Ok Ina, what is the deal with all this butternut squash? Oh, it's one of your favorite vegetables? Well some of us think it tastes like baby food.
Ok, maybe a tad harsh.
But after the last butternut squash debacle, it's certainly how I felt. When I first read this recipe, it's only saving grace were the whole garlic cloves that roast alongside the butternut squash that I would be able to smear all over crusty french bread and ingest at an alarming rate. So I dove into this recipe with my sights set pretty low.
I bought a pretty small butternut squash, since I assumed only Dan would be eating it. Since I used a vegetable peeler to peel it last time, I decided to try a different technique this time. I cut the squash, separating the top from the round bottom part. Then, using a kitchen knife, I peeled each piece individually:
This method was definitely faster than the vegetable peeler and is the one I recommend using
After peeling, I seeded the squash into the sink. Although Dan likes butternut squash and pumpkin seeds (which squash seeds very closely resemble) the smell of the butternut squash innards seriously offended his senses, causing him to whimper every time he got too close to the sink. Since I didn't want this to impede his ability to do the dishes, with a role of my eyes, I pushed the squash seeds down the garbage disposal and out of smelling range.
I diced the squash and put it on a baking sheet with about a handful of unpeeled garlic cloves and tossed everything with olive oil, maple syrup, salt and pepper:
A sticky job, but somebody had to do it
It's important to leave the garlic unpeeled so they don't burn in the oven, and since I was most looking forward to this part of the dish, I made sure they were well coated in olive oil as well. I put the garlic and squash into a preheated oven and set the timer for 20 minutes.
Luckily, this recipe calls for thinly sliced pancetta which is easy to find already packaged in the grocery store. Now, I know what you're thinking: But Morgan, I thought you said in the Wild Mushroom Risotto blog that you had never seen a recipe that called for thinly sliced pancetta. Well, Ina has proven me wrong. Fortunately though, this meant that neither Dan nor I had to go toe to toe with anyone in the deli department to get the usual thick slice.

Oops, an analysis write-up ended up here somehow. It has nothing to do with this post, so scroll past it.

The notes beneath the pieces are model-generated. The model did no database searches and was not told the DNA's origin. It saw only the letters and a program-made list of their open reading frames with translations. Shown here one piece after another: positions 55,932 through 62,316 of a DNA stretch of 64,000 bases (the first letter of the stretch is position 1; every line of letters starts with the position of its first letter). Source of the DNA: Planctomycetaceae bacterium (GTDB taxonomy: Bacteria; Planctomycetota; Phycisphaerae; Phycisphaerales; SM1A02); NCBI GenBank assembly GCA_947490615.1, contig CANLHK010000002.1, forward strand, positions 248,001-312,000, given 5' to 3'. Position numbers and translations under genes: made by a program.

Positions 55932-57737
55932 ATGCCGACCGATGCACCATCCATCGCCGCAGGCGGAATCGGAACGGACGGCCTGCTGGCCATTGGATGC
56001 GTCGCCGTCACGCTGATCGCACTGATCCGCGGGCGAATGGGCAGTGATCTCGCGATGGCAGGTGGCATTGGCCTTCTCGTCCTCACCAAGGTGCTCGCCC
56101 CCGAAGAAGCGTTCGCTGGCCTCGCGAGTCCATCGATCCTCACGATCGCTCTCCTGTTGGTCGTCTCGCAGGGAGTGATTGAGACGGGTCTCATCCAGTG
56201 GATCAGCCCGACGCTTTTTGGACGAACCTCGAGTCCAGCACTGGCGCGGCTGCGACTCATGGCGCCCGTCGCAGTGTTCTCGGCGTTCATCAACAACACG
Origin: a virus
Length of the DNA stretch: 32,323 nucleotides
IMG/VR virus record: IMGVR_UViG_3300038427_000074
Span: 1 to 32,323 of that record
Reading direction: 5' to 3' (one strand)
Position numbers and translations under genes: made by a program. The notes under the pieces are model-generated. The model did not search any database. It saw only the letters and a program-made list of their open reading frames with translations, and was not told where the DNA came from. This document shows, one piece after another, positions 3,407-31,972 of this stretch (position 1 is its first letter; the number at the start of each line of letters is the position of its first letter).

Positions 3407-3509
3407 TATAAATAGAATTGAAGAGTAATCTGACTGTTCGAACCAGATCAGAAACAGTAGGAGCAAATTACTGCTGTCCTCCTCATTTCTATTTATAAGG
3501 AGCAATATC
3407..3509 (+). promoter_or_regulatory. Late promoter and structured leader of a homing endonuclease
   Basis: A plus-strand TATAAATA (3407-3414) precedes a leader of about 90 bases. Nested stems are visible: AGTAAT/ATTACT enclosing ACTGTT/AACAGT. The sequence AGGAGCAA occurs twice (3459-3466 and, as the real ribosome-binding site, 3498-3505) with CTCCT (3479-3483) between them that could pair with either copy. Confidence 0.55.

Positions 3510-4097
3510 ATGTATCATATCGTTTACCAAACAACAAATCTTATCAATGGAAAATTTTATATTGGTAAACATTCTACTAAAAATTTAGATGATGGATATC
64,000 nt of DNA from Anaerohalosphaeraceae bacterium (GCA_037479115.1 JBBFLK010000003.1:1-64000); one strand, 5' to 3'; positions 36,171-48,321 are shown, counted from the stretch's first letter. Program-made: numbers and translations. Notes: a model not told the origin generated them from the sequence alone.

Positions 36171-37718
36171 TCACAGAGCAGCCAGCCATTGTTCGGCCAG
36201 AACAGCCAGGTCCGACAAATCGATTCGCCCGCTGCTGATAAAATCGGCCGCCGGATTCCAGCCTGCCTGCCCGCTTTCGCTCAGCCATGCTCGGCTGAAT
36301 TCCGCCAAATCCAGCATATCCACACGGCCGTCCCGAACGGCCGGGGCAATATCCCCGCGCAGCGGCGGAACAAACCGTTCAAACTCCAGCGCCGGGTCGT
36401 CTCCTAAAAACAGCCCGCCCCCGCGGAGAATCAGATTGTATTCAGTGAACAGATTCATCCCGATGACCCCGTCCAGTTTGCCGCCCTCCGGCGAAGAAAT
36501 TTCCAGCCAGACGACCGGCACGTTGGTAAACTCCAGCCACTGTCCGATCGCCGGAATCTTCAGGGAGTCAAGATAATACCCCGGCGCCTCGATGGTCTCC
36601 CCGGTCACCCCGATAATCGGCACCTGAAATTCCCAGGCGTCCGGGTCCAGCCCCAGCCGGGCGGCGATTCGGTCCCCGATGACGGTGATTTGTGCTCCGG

While the squash and garlic roasted, I chopped the pancetta and put it together with the fresh sage from Dan's herb garden:
After 20 minutes, I removed the squash from the oven and added the pancetta and sage evenly over the pan:
mmm bacon and garlic
I put the pan back in the oven and continued to bake it until the squash and garlic were tender. Once fully cooked, I removed the pan from the oven and plated:
please note the generous portion of bread for all that yummy garlic
I was actually pleasantly surprised with how this whole dish turned out. The squash was not as tender as the last time I cooked it, making the texture much more enjoyable, and the salty bite from the pancetta balanced the sweetness of the squash perfectly. The sugar in the squash combined with the maple syrup causes it to caramelize slightly, which was yummy, but made some pieces of squash a little sticky. Since the squash is diced into little cubes, the side of each piece that spent the most amount of time in contact with the sheet pan became too brown, causing the sugar to burn slightly and become hard and sticky. As per the directions, I only turned the squash once during the baking process, before adding the pancetta and sage, but an additional toss is definitely necessary during the second round in the oven in order to avoid this problem.
The garlic was just a tad overdone which made it a bit of a challenge to remove from the peel, but once it was on the bread, it was sweet, garlicky, and delicious. I found the easiest way to get at the garlic was to use my fingers and push it out of the peel, which got a little messy, but meant I got to lick my garlic-flavored fingers afterward. Ladylike, I know. My ratio was about 1 garlic clove per piece of bread, but I was holding back. Interestingly, the sage didn't really add much to the dish. The leaves remained whole but got crispy, and I don't think they're really intended to be eaten so they didn't impart much flavor to the squash. They did gave the dish some nice color though, and a little bit of visual texture. I would definitely make this dish again, but probably with some minor adjustments. With this dish, my respect for butternut squash has been restored, so thanks Ina.
Already thoughout this process I've tried so many things that before, I wouldn't have even considered: cremini and morel mushrooms, scallops, dates, sweet potatoes, and butternut squash, and I've really enjoyed (almost) all of them. It's kind of amazing how much my tastes can expand as long as I'm just willing to try a few new things. Of course, I'm never going to like everything I make (sometimes due to operator error), but I'm happy to keep trying!
Make this when: hosting a very casual Fall dinner party since spreading the roasted garlic on the bread can get a bit messy and all your guests will end up with garlic breath.
Next Course: Parmesan-roasted broccoli